Governor Andrew M. Cuomo today announced that more than 18,000 young people from low-income households will gain valuable work experience, and a much-needed paycheck, through New York States Summer Youth Employment Program. The program connects participants to jobs and helps them acquire skills they can use in school and beyond.
"Helping young New Yorkers find good summer jobs will expand their opportunities and allow them to gain valuable work experience as they prepare for future employment, Governor Cuomo said. By building a skilled work force, we are strengthening New Yorks economy today, while giving young New Yorkers across the state a chance at a brighter future.
The New York State Office of Temporary and Disability Assistance (OTDA) is distributing $27.5 million across the state to fund the 2014 Summer Youth Employment Program. Young people in the program will work in places such as school districts, parks, nursing homes, summer camps, child care organizations, senior citizens centers and community recreation centers.
OTDA Commissioner Kristin M. Proud said, The Summer Youth Employment Program exposes young people from low-income households to careers in a range of different fields. This experience will help them gain knowledge, skills and confidence as they contemplate their own career paths.
Businesses currently participating in the Summer Youth Employment Programs ay it benefits both the students and employers, adding that some teens are hired in full-time positions after their program is complete.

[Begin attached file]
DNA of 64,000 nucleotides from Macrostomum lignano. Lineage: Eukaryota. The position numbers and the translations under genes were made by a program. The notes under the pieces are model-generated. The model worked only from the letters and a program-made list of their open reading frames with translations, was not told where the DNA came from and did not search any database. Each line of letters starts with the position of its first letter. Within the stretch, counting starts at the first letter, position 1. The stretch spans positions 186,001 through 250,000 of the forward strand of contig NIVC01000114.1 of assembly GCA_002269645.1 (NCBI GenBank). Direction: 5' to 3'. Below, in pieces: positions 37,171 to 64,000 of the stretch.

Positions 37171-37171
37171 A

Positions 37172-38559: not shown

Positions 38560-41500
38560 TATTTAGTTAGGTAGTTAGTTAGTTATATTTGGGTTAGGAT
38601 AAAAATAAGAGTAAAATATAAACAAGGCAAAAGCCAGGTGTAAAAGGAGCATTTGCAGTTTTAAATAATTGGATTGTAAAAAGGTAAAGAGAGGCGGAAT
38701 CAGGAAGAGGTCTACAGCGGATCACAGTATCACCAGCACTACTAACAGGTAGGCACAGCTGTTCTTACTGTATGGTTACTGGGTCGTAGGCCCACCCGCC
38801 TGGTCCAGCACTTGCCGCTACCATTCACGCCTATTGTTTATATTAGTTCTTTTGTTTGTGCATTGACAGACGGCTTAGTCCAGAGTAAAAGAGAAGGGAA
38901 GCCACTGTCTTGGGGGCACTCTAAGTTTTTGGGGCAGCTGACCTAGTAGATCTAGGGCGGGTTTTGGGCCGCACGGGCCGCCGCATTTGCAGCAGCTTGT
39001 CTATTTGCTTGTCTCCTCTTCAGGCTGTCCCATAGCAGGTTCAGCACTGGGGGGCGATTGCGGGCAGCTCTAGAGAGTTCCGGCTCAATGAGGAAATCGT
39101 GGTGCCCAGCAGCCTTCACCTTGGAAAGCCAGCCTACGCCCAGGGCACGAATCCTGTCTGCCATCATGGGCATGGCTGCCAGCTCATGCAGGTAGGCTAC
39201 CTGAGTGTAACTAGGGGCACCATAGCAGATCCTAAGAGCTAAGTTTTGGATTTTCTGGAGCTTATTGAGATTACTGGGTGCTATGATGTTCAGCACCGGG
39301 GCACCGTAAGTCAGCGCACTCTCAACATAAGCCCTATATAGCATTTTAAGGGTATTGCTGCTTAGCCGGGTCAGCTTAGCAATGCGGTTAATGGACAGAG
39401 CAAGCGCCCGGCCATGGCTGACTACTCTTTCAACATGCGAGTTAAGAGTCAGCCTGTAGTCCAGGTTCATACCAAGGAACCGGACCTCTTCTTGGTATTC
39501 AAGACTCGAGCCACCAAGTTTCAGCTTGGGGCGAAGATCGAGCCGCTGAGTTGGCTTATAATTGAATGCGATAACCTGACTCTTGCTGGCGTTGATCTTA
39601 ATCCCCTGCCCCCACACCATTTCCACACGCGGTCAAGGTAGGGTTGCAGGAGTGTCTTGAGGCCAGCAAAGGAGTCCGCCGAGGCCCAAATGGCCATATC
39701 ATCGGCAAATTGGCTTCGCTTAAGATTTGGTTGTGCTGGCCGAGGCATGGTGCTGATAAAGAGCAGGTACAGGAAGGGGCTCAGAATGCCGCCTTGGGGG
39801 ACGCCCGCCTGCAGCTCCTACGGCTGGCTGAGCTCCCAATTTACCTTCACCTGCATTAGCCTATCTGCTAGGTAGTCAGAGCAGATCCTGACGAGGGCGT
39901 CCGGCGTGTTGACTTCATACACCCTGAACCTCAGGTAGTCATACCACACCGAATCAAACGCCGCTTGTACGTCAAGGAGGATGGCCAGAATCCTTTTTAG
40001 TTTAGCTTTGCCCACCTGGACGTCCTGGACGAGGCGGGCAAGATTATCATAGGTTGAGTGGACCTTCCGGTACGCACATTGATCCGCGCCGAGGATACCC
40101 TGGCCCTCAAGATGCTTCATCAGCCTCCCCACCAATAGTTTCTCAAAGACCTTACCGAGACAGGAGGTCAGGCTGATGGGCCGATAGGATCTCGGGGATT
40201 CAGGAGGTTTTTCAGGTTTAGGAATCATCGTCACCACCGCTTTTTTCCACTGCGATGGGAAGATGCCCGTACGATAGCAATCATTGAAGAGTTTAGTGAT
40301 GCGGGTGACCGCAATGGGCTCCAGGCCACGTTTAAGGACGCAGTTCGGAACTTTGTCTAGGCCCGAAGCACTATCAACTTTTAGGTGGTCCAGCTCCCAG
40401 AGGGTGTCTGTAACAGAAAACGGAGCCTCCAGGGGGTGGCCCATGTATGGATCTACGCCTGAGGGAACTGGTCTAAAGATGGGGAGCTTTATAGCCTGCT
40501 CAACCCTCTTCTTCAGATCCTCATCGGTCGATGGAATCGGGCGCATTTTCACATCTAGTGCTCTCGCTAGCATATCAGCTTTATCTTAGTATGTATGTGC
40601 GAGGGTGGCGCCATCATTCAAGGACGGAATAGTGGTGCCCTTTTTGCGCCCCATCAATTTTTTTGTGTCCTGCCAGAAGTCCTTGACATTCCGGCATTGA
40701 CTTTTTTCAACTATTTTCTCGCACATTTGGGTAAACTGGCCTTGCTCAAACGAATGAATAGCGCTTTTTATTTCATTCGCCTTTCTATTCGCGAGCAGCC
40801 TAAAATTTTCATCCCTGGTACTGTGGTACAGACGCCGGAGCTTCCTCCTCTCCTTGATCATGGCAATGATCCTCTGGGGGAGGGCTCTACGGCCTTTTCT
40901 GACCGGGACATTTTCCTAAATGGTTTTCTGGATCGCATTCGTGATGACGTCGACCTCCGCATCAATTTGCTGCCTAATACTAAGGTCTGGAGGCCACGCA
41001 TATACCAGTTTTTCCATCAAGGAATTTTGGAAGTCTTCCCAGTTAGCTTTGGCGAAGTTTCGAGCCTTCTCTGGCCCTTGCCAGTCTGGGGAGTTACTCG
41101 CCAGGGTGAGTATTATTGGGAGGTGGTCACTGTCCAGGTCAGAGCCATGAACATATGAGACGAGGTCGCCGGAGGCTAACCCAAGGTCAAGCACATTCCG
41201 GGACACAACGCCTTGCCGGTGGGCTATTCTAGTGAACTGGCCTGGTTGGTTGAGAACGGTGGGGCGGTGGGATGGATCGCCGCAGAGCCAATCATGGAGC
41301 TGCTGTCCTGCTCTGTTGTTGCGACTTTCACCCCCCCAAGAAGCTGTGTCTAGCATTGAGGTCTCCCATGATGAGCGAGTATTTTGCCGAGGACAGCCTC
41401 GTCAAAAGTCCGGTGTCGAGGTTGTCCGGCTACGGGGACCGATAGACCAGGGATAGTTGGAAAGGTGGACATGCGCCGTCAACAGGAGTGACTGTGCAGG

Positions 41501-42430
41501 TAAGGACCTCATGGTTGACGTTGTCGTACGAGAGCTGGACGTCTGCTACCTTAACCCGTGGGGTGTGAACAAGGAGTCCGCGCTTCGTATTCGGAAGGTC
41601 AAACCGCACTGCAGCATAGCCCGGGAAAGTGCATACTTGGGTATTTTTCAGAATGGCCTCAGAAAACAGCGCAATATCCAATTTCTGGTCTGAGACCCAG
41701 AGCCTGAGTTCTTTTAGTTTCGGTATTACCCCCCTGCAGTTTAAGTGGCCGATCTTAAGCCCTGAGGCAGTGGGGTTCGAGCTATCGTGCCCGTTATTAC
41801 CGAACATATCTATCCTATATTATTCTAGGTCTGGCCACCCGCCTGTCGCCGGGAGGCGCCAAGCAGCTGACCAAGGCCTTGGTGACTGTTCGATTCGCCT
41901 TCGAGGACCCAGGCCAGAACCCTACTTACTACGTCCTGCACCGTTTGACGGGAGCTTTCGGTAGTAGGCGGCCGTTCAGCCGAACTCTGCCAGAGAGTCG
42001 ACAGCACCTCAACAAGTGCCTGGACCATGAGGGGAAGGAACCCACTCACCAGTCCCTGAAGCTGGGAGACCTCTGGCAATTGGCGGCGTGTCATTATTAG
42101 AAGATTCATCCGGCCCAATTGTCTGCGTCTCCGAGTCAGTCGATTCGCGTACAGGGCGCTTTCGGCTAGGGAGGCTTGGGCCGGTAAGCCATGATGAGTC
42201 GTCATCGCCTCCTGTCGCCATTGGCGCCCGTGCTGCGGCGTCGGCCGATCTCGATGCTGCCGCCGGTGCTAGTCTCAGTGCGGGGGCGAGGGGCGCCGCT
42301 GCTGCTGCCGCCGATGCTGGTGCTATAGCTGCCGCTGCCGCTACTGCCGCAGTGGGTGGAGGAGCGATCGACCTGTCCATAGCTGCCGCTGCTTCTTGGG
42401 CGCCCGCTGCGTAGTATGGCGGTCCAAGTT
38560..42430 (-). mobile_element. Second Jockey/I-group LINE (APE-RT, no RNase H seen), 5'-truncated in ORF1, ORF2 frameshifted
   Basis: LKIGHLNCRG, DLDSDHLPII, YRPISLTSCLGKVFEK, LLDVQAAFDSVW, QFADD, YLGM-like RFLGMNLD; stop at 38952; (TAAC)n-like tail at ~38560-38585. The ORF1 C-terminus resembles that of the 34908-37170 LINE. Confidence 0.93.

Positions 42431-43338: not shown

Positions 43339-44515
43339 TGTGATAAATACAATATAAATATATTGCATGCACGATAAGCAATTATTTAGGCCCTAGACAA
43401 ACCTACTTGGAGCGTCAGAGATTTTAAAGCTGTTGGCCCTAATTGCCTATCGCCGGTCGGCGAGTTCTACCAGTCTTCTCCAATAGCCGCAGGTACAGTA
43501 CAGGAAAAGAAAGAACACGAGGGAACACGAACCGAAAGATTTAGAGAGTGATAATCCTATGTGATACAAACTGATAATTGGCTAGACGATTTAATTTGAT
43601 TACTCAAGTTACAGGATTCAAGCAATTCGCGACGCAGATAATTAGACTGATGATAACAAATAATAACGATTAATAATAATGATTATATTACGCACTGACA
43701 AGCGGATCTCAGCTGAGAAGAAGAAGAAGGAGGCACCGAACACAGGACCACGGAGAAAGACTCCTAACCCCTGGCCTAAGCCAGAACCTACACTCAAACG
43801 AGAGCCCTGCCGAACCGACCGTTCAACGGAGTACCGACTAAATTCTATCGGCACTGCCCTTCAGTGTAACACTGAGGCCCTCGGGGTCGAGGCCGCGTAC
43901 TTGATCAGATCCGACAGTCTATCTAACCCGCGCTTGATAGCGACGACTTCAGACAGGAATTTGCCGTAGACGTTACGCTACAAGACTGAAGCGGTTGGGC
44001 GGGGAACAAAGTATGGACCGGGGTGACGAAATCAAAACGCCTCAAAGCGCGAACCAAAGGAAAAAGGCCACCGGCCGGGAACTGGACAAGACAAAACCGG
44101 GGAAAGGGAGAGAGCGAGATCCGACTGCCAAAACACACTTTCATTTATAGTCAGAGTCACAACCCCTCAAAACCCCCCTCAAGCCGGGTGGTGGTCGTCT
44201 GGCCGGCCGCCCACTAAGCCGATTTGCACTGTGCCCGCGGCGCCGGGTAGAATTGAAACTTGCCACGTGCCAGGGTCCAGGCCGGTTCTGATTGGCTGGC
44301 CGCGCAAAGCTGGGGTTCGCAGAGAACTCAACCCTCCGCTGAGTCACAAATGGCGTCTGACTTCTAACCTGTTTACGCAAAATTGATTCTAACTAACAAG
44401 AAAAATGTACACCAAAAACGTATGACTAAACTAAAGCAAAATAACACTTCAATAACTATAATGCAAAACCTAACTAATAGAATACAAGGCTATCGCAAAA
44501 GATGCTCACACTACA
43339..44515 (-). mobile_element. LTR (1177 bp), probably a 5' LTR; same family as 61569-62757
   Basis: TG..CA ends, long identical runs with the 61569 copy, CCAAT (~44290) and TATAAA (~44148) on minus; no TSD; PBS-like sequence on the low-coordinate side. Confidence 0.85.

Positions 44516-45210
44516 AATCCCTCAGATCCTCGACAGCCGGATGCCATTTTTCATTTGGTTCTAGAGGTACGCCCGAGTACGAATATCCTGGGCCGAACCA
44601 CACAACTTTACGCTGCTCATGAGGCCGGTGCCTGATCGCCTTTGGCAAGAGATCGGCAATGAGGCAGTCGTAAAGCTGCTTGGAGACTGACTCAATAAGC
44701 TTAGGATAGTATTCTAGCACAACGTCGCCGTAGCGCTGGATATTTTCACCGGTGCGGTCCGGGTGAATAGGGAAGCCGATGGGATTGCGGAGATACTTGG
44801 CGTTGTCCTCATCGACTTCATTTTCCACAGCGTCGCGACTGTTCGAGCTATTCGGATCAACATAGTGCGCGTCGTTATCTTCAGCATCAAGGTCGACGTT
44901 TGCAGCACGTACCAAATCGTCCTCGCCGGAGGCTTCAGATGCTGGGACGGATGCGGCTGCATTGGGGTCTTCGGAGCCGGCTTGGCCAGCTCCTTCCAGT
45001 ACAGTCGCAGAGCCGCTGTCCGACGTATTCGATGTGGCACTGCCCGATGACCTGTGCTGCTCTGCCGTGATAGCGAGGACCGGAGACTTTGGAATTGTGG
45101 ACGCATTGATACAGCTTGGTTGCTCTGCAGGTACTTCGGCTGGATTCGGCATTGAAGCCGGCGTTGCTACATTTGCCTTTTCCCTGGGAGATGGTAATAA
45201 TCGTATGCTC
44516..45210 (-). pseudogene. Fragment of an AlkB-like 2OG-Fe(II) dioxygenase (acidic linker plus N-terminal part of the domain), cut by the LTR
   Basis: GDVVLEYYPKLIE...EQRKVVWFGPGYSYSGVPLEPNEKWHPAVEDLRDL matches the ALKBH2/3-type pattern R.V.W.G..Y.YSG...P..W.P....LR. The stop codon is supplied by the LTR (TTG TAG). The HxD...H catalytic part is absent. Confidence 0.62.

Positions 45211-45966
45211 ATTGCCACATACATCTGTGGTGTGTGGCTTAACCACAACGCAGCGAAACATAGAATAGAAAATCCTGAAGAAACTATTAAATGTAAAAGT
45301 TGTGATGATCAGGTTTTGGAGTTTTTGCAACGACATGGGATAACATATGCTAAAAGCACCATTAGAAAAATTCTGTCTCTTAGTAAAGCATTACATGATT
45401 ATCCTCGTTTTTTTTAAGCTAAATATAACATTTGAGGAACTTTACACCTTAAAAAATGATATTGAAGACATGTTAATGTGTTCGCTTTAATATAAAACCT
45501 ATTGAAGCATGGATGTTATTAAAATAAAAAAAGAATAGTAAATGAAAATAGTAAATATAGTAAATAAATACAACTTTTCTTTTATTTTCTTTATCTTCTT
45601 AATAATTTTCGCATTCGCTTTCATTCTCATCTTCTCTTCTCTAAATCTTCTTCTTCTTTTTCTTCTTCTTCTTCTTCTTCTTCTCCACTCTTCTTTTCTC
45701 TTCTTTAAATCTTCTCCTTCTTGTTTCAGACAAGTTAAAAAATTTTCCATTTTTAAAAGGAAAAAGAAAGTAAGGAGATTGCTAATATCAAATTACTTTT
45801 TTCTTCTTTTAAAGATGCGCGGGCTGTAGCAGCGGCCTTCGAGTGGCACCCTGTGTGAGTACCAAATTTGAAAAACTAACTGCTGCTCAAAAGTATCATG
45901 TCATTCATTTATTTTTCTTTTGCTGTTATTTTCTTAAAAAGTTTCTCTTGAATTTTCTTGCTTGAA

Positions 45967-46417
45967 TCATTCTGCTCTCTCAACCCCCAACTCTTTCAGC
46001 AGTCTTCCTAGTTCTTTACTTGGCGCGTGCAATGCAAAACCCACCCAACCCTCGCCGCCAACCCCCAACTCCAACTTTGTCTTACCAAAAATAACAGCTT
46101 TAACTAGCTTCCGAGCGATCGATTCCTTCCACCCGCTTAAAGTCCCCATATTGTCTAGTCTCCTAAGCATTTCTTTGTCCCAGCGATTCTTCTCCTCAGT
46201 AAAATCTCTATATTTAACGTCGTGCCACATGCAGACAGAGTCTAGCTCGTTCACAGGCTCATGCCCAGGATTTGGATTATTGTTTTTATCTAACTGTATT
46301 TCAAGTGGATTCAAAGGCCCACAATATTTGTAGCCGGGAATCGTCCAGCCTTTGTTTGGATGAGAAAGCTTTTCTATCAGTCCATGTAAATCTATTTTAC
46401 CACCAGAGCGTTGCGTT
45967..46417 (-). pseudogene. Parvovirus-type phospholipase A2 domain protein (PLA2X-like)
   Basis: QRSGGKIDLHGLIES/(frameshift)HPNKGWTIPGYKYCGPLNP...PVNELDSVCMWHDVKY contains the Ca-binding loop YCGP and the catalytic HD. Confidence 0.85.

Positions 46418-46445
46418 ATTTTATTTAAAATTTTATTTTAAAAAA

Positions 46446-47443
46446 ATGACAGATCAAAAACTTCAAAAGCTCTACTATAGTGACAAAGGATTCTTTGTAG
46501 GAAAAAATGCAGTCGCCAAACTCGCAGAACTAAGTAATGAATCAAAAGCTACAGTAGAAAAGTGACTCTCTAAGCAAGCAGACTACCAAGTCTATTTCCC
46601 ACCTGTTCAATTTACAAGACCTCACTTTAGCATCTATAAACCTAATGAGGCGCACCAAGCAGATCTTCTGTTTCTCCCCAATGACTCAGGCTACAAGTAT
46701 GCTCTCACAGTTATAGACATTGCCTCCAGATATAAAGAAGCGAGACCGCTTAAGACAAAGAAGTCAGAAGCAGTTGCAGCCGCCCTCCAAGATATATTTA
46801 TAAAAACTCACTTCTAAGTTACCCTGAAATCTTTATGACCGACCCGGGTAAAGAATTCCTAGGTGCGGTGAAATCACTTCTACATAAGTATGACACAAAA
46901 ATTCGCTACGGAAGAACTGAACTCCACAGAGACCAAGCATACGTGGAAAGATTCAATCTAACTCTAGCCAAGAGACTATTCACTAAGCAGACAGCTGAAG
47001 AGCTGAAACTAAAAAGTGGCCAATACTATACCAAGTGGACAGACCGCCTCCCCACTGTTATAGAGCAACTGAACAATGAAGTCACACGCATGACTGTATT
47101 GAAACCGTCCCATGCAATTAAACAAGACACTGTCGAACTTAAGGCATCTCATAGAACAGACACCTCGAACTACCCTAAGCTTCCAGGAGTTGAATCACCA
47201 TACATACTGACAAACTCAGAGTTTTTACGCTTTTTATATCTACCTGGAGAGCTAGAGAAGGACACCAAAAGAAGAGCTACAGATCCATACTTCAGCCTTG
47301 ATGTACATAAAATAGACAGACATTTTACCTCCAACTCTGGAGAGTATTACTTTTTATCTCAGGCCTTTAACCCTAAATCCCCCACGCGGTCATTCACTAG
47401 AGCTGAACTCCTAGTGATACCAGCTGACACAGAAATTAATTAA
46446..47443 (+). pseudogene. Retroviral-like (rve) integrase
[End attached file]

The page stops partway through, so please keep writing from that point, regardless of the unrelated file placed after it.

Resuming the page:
Executive Director of the Five Towns Community Center in Nassau County Bertha Pruitt said, Young people really need that opportunity for the summer to make some money for school clothing and some spending money. Sometimes we rehire the kids, even as adults. We know their work and we know their history and have been able to evaluate them.
Courtney Mrowczynski, Human Resources Coordinator at The Friendly Home in Rochester, which provides care for older adults, said, We have seen the youths grow and develop valuable work skills such as time management, teamwork and relationship building. We have had youths provide companionship to our residents, participate in recreational activities, and work behind the scenes in areas such as dining services, laundry and grounds keeping. We are pleased to help in their professional development by providing mentoring and real-life work experience. In fact, we have actually hired two of the program youths as part-time Friendly Home employees.
To be eligible for the program, participants must be between the ages 14 and 20, and their total family income must be below 200 percent of the federal poverty level. For example, the income for a family of three must be below $39,060 a year.
Those who are eligible and interested in participating should contact their local department of social services. To find out how, visit the OTDA website at http://otda.ny.gov/workingfamilies/dss.asp.
Below is a list of 2014 funding amounts by county:
New York City